I suggest beginners to do some experiments with a white painted figure and a halogen spotlight. Place the spotlight at a certain distance right above the head of your figure. Do you see where the model appears to be darker? Where it is shining brighter? It is there where you will have to lay the color shades. Now change the distance and/or the angle between the spotlight and the figure. Notice how the sharpness of the shadows change. These little experiments show you the influence of light on a scale model and hopefully helps you to determine where to apply the colors to paint a perfectly looking model figure.

The base

After I finished the body I placed it into the oven for drying while I painted the base. Although the base is looking like being made out wood it isn't! It's painted resin! I first painted it matt Sand Brown. Then I applied a wash of Burnt Sienna to it and wiped excessive paint off using a paper napkin. I repeat the procedure until the socle looked fine to me. Then I let it dry and waxed it using furniture wax. This gave it a realistic look of real wood. I then painted the center of the base using enamels. First I mixed a dirty looking brownish color and painted the center area with it. After it dried I applied a wash of even darker, almost black, color. I let the wash dry thoroughly before I dry brushed the area to bring out the details. To drybrush it I mixed several shades of dark green, earth brown and sand. After that I painted the debris – bricks, and stones separately, using a dark red brown for the bricks and a dark gray for the stones. I carefully dry brushed the debris separately to bring out details.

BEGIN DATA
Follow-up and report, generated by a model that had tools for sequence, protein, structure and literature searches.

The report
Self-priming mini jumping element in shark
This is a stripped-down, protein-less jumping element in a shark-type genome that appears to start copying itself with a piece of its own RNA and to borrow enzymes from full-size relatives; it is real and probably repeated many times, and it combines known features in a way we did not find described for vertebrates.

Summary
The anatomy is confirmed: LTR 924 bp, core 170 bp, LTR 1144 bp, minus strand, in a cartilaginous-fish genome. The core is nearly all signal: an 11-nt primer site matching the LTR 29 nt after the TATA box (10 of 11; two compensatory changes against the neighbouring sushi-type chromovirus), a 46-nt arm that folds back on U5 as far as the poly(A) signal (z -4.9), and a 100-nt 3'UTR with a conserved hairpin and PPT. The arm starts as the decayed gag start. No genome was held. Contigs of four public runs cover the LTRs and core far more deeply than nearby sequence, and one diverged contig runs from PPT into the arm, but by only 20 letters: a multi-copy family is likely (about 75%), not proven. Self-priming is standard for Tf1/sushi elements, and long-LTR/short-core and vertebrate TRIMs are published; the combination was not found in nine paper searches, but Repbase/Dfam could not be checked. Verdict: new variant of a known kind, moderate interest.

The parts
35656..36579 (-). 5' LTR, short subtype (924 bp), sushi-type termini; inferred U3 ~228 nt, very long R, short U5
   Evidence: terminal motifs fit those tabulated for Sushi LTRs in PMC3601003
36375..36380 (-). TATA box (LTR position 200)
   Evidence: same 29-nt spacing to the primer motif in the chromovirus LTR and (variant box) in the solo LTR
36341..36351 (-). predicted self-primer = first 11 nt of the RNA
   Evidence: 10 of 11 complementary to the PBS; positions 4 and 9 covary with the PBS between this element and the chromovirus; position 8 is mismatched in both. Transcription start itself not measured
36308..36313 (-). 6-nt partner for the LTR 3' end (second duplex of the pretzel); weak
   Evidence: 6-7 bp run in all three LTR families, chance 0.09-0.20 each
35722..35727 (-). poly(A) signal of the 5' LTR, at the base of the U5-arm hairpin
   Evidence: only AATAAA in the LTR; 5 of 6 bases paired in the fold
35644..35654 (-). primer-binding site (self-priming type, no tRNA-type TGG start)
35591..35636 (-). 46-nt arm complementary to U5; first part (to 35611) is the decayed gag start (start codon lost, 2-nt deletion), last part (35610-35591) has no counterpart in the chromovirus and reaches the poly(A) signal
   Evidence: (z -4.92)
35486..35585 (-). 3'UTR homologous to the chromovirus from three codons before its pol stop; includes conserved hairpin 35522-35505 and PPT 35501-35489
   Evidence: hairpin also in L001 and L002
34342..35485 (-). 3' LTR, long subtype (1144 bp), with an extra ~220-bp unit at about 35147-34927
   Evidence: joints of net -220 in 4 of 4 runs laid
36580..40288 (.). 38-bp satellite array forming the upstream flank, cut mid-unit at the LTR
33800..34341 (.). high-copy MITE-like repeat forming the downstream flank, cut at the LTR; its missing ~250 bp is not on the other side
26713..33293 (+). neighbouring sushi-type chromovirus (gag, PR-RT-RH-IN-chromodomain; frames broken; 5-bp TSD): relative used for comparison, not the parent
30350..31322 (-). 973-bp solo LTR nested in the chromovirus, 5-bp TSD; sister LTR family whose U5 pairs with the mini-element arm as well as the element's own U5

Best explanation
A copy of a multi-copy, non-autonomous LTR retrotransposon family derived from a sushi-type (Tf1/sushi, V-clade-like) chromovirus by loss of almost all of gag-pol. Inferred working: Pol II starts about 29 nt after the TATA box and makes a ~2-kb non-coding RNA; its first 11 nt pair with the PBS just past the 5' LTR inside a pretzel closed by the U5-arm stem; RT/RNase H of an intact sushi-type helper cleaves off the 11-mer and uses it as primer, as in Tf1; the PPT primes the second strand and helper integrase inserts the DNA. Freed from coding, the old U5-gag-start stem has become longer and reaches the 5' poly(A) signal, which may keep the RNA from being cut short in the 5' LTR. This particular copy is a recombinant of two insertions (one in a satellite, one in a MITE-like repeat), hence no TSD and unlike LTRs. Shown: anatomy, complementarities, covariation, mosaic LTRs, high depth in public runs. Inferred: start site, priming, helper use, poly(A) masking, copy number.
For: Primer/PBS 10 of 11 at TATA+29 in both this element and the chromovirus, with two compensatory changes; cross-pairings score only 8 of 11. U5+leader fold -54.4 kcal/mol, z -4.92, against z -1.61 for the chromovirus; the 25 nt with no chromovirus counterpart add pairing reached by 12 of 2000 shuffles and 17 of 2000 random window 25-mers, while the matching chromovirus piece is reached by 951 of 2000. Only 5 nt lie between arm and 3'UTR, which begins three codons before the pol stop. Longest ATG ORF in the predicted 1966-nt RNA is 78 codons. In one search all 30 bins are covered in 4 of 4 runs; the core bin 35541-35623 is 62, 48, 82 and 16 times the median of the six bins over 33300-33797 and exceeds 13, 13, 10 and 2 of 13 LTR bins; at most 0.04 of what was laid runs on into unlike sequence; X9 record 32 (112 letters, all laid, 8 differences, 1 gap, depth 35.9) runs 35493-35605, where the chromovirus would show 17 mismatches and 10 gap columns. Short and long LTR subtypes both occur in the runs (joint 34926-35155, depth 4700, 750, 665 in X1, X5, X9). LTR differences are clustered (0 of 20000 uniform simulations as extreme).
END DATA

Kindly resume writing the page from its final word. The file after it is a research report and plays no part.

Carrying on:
As mentioned before, the paratrooper's badge was painted in Humbrol Polished Aluminium, then carefully polished using a Q-tip before applying a wash of heavily diluted Black paint. After drying it got dry brushed using Revell Silver 90. You must be very careful when dry brushing a metal part in a non-metal environnement to avoid metal particles stick to the non-metal parts.

The Sten submachine gun got painted using enamels only. First I painted it using Matt Black, then dry brushed it using Gun Metal. For a final touch I carefully dry brushed it using Silver.